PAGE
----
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Shingle Shed Roofs–3 Differences Between the BEST and the REST

Updated: Mar 20

Asphalt Shingles: Not All the Same Quality

Shingles are a super-popular shed roof. They look great, can match the house, and come in a variety of colors. But let’s face it. Some are GREAT. Some you’ll HATE.

Asphalt shingles can be a pain if they are low-quality. They can curl and crack before their time. They can blow off in a wind storm. Either of these will give you a leaky roof. And a leaky roof is not only obnoxious, it will rot out your shed in no time.

So if you decide on shingles for your shed roof, make sure you get shingles that will serve you well over the years. Most brands of shingles look pretty similar from the ground. But they are not all the same quality. Even within the same brand, quality may vary. And of course, there’s more to a roof than the quality of the shingles.

Let’s take a look at what you need to know.

3-tab shingles don’t last as long as architectural shingles.

Architectural shingles are thicker and longer-lasting.

Best Asphalt Shingles: 3 Things to Look For

Here are 3 things to consider for the best shingle shed roofs.

  1. Style. Find out whether the shingles are architectural or 3-tab, and whether there is a cost to upgrade to architectural. 3-tab shingles are cheaper, but typically they don’t last well as architectural shingles. And, in my very blunt opinion, 3-tabs don’t look nearly as good as architectural shingles.

  2. Installation. Installation is really important, as you would imagine. The best shingle is no better than its installation. Two things to be aware of here:

  3. Shed companies have to haul their sheds over the road. That means the shingle roof will encounter high winds, to the tune of 50-70 mph depending on the speed of the delivery driver. That’s a lot of wind, similar to a major windstorm, and shingles want to blow off.

Some companies will actually staple down the exposed part of the shingles all along the leading edge of the roof so that they won’t blow off going down the road. But the staples or nails fastening the shingles should be hidden. If they’re not hidden from your eye, they’re not hidden from the rain. And rain rusts. We’ve had to go back and fix some sheds, because the exposed staples rusted through. (So we learned this one the hard way. We’ve never built sheds this way, but we did purchase and sell some that were not made to our specs. We went back and did warranty work to a lot of sheds. You can bet that installation method got changed!)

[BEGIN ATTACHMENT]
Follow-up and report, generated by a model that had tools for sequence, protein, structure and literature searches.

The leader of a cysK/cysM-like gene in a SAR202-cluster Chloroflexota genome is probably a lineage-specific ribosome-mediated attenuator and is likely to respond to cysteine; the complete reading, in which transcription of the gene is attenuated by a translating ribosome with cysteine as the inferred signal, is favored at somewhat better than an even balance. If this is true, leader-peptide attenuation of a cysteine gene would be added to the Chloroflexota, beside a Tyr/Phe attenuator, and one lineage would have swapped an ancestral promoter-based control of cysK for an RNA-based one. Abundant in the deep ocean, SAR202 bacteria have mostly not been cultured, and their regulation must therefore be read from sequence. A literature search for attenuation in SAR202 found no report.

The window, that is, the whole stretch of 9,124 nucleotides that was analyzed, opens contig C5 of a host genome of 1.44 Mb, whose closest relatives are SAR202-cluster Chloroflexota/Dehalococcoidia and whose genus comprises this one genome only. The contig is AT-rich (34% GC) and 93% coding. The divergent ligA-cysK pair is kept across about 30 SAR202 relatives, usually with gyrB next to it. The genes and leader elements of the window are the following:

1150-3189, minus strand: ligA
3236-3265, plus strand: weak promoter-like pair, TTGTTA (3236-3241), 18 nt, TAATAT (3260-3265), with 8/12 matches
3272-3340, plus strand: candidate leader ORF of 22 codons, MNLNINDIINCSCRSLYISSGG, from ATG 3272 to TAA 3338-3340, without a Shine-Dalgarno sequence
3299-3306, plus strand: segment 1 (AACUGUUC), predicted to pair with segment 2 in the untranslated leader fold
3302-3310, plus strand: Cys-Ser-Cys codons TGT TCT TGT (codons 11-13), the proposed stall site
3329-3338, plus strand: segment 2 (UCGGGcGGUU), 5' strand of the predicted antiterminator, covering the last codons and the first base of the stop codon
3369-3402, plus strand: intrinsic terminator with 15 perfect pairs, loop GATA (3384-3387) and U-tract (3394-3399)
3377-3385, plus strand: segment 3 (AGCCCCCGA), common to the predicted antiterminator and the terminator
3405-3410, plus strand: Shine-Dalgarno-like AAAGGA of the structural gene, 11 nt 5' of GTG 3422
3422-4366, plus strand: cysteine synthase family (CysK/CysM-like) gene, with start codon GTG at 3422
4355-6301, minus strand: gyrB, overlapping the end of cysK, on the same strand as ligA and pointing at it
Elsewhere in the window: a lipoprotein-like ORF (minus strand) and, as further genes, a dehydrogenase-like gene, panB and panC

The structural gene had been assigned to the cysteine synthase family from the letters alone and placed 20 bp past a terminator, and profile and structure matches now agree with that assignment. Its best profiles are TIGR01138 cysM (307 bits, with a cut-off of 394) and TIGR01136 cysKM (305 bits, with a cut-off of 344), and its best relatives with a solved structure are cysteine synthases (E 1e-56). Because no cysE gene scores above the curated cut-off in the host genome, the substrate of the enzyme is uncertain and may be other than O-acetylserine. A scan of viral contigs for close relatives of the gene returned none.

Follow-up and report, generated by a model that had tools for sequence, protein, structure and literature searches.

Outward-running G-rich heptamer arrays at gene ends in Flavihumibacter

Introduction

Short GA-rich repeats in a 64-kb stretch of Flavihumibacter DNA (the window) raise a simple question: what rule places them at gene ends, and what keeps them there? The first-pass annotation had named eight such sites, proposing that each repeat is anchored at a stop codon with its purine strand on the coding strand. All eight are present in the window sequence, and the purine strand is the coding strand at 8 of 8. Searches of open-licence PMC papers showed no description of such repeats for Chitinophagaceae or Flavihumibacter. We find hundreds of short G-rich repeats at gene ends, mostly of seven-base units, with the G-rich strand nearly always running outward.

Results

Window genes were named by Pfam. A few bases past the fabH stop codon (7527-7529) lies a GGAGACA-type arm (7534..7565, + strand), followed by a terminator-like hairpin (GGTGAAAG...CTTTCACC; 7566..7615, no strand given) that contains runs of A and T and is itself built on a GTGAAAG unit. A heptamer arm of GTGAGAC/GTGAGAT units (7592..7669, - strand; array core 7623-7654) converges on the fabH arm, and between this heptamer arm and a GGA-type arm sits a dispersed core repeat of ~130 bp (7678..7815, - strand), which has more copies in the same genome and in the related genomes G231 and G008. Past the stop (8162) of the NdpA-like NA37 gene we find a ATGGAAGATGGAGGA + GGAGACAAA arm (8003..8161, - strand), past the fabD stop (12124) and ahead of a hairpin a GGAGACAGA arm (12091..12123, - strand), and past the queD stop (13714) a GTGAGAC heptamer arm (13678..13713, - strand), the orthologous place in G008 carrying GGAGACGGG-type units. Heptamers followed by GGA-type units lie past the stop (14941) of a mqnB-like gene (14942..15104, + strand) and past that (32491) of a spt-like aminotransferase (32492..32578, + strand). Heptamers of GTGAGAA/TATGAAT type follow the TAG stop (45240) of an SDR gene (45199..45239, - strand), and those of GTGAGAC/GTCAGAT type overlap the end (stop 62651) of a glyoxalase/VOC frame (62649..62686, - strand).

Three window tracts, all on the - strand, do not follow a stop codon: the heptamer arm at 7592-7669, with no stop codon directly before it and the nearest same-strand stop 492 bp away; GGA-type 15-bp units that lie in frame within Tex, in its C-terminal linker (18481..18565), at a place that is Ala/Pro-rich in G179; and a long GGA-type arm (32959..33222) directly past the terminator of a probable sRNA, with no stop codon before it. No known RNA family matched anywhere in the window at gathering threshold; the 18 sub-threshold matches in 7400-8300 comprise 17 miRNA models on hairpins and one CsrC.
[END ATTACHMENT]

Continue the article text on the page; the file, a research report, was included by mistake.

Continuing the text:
1. Some people make a big deal of nails vs. staples, and claim that nails are much better. We use staples, and have for many years. We do our own warranty work, and have never had any problems with staples. We have found them to be fully as effective as nails.

  2. Warranty. This one is complex. Shingle warranties have vast amounts of fine print. And the numbers don’t all mean the same thing. But generally, a shingle warranty will tell you roughly the quality of the shingle. It usually won’t tell you how long the shingles will actually last. Here are examples of the warranty of the shingles we use, made by IKO.

  3. On our architectural shingles (which is the only shingle we use), IKO has an “Ironclad” warranty of 15 years. Here’s how they explain it: “This means that IKO will supply replacement Shingles similar to those already on the roof, plus a reasonable allowance for the cost of applying the new Shingles.” We’ve had no trouble with these shingles, and we think they have a good chance of actually lasting 15 years.

  4. BUT–hang on to your hat–that same shingle has a “Limited Lifetime Warranty.” Whoa! You probably hope that your lifetime is more than 15 years. What’s going on? Basically what this means is that beyond the Ironclad Warranty, IKO will pro-rate the cost of replacing the roof. To put it simply, beyond 15 years, they will pay for less of roof replacement as the years go by. Eventually they will pay for nothing. So “Limited Lifetime Warranty” really does mean “limited.”

Obviously, shingle shed roofs can be replaced. And it’s not even terrifically expensive. That being said, I’d rather my roof would last a long time, and I bet you would too. Do a bit of homework, and you can make sure you are getting a shingle shed roof that will serve you well for many years.

Charming Garden Cottage with architectural shingles

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